The quality of food here is nevertheless impressive. There's attention to plating, to marinades and variety. We're also taken aback by how many dishes are on offer.
Pork belly skewers
Raw prawn nigiri sushi
Live scallops in the shell
The seafood section is particularly abundant, with live scallops, crab and oysters.
Kegani horsehair crab
Tarabagani king crab
Loading up at the buffet
Barbecue grills inlaid into each table
Marbled beef slices
A lot of our meals had been light on protein, but we definitely make up for it here, overloading on fatty beef slices and marinated pork until we can take no more.
Marinated beef and pork on the grill
Mushrooms, oysters, scallops and king crab on the barbecue grill
We also grill oysters, scallops, crab and mushrooms. Word of warning: exploding scallops on the grill are terrifying!
DIY soft serve machine
We also get to make our own soft serves, a process that is harder than it looks. This machine uses pre-frozen tubs of soft serve. It brings the kid out in everyone.
Traffic and buildings in Otaru
In comparison to Sapporo, Otaru is quieter and slower in pace.
Otaru Canal, no longer used for shipping, is one of the more scenic parts of town. We're lucky to still catch some of the cherry blossoms in bloom.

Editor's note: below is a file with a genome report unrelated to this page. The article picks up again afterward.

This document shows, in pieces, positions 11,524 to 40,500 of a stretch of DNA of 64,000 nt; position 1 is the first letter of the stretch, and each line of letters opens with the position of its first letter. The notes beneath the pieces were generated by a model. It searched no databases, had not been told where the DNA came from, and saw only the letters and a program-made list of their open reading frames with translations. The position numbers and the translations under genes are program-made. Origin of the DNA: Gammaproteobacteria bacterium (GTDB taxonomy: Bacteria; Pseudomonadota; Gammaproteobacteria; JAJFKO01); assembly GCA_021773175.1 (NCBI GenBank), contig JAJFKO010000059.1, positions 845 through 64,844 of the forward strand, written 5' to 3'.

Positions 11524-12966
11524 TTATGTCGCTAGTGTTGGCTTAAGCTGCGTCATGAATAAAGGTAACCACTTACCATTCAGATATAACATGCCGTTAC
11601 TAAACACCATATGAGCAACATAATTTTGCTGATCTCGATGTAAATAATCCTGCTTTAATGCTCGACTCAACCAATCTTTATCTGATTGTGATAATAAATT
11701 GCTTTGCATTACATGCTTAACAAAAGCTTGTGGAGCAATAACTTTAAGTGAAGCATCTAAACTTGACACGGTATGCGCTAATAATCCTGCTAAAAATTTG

The old Temiya Railway track that was abandoned after the Hakodate Railway line was completed in 1985
We happily succumb to the slower pace of life here. It almost feels like we're on a holiday from our holiday.
Creepers and moss on buildings
Blossoms and street lamps
One of our favourite meals turns out to be a lunch of soba noodles in a tiny eatery near the bus station.
Behind-the-scenes in the kitchen
We sneak glances into the kitchen as we wait and then realise they're actually making soba from scratch back there, using a special machine that cuts the dough into uniform noodle strands.
Dough being fed through the soba maker
The owner laughs at our frenzied interest, but it's such a surprise find we can't get over our excitement.
Perfect strands of fresh soba
Shaking off the excess flour
Folding them gently into a wooden crate
Here's a brief video clip of the soba machine in action.
Boiling the soba noodles using a bamboo basket
We watch transfixed as the freshly made noodles are then cooked in a little bamboo basket, plunged into a simmering vat of boiling water.
Some of us have ordered soba noodles in soup with chicken
. We hold back our drool as the steaming soup is poured over the noodles.
Soba noodles with chicken and vegetables
The chicken is soft and juicy, huddled with chewy soba noodles and shallots.
Adding vegetables to the tempura prawn zaru soba
I order the zaru soba
, a cold noodle dish topped with tempura prawn, boiled egg, fish cake and vegetables.
Cold soba noodles with tempura prawn
Adding zaru soba dressing